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Mammary epithelial stem cells: transplantation and self-renewal analysis

Authors

  • Gilbert H. Smith,

    Corresponding author
    1. Section for Mammary Stem Cell Biology, Mammary Biology and Tumorigenesis Laboratory, Center for Cancer Research, National Cancer Institute, Bethesda, MD, USA
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  • Corinne A. Boulanger

    1. Section for Mammary Stem Cell Biology, Mammary Biology and Tumorigenesis Laboratory, Center for Cancer Research, National Cancer Institute, Bethesda, MD, USA
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G.H. Smith, Ph.D., Bldg. 10, Room 5B56, 9000 Rockville Pike, Bethesda, MD 20892, USA. Tel.: +1-301-496-2385; Fax: +1-301-480-1790; E-mail: gs4d@nih.gov

Abstract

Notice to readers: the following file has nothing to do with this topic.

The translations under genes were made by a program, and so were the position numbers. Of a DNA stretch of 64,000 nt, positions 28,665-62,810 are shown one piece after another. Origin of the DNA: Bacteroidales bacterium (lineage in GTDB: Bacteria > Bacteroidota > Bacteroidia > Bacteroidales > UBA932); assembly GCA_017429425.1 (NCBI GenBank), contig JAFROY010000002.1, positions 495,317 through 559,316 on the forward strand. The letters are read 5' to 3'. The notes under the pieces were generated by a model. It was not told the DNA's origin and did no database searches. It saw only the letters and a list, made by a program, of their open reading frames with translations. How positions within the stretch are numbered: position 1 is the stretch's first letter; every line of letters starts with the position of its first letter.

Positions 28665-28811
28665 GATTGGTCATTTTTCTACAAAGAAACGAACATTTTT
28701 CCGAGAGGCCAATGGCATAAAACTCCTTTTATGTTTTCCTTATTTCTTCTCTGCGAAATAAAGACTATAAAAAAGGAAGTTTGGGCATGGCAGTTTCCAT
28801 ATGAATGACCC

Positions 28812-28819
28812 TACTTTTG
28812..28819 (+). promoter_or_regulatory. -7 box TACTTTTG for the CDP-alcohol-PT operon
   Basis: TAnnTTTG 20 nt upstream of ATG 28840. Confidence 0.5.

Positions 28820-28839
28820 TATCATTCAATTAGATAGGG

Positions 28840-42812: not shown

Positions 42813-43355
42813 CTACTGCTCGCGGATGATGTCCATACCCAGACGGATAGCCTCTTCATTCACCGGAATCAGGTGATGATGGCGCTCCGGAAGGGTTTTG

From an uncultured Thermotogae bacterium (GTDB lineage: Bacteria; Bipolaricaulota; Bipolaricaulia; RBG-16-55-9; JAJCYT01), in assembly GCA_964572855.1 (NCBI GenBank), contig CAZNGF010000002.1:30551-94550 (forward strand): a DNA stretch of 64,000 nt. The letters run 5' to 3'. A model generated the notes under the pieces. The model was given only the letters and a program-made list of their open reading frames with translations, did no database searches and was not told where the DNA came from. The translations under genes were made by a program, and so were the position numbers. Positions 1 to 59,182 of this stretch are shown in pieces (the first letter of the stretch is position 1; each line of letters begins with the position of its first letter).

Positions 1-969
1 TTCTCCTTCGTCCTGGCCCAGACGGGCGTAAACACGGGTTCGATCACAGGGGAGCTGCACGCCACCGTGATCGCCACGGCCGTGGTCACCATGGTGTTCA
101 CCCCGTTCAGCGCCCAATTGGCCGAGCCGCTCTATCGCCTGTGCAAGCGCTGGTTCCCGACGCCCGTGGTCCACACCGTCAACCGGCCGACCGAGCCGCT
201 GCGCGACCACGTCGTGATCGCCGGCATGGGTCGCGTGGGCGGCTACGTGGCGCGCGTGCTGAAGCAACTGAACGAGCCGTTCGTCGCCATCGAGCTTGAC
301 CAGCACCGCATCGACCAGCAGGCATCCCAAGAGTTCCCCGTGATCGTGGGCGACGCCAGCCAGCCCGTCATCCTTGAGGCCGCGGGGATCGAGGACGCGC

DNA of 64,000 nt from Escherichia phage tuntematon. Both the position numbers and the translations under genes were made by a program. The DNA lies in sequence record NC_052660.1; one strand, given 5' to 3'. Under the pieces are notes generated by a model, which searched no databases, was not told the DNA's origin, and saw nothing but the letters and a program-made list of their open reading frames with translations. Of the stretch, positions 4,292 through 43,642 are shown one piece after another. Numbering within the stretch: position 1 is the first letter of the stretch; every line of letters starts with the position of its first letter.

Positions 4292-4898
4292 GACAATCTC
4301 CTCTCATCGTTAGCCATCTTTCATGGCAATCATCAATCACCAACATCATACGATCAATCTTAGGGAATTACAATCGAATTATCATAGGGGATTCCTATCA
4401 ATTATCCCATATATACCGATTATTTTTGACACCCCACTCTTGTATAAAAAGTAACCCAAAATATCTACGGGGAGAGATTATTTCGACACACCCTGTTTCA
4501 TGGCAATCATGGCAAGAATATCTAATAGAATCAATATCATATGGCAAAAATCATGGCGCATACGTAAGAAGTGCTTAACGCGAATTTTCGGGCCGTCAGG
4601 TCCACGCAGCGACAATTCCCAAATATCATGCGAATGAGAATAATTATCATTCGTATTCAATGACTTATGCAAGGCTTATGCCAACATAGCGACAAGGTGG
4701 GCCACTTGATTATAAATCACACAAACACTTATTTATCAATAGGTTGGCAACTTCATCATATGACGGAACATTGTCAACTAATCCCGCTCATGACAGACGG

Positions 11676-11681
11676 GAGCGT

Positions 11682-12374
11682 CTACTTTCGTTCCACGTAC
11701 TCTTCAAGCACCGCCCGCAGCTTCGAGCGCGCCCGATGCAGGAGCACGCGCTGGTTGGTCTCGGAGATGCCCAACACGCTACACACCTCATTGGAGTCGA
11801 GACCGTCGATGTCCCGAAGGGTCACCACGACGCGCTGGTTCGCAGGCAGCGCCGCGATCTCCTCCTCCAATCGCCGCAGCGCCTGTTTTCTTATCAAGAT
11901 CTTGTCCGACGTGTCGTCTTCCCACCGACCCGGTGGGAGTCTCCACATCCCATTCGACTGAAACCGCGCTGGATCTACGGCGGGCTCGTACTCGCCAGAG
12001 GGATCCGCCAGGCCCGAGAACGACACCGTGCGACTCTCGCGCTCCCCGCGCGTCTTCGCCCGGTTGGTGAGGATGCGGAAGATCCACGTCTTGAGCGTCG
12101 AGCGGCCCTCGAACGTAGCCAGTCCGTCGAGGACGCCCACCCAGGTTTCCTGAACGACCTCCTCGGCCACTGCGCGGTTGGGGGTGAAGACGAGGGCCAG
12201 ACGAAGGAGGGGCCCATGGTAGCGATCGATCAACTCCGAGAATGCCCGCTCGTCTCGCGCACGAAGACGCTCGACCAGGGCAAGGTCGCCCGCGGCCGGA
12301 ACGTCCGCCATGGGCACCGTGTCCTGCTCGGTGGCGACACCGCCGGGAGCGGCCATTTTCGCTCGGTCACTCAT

Abstract.  An entire mammary epithelial outgrowth, capable of full secretory differentiation, may be comprised of the progeny of a single cellular antecedent. This conclusion is based upon the maintenance of retroviral insertion sites within the somatic DNA of successive transplant generations derived from a single mammary fragment. In addition, dissociation of these clonal dominant glands and implantation of dispersed cells at limiting dilution demonstrated that both duct-limited and lobule-limited outgrowths were developed, as well as complete, fully differentiated glands. Thus, transplantation has revealed three distinct mammary epithelial progenitors in the mouse. Similar studies have extended this observation to rat mammary tissue. Recently, using cre-lox conditional activation of reporter genes, a new epithelial progenitor, specific for mammary secretory epithelium in postlactation females has been uncovered. In situ, these cells were shown to regenerate secretory lobules upon successive pregnancies. In transplant studies, they demonstrated the capacity for self-renewal and contributed to the new generation of all of the known epithelial cell types among mammary epithelium. In limiting dilution, the parity-induced progenitors were capable of engendering lobule-limited and duct-limited outgrowths in their entirety, but not completely developed glands. Serial transplant studies indicate that these progenitors have a significant but limited capacity for self-renewal.

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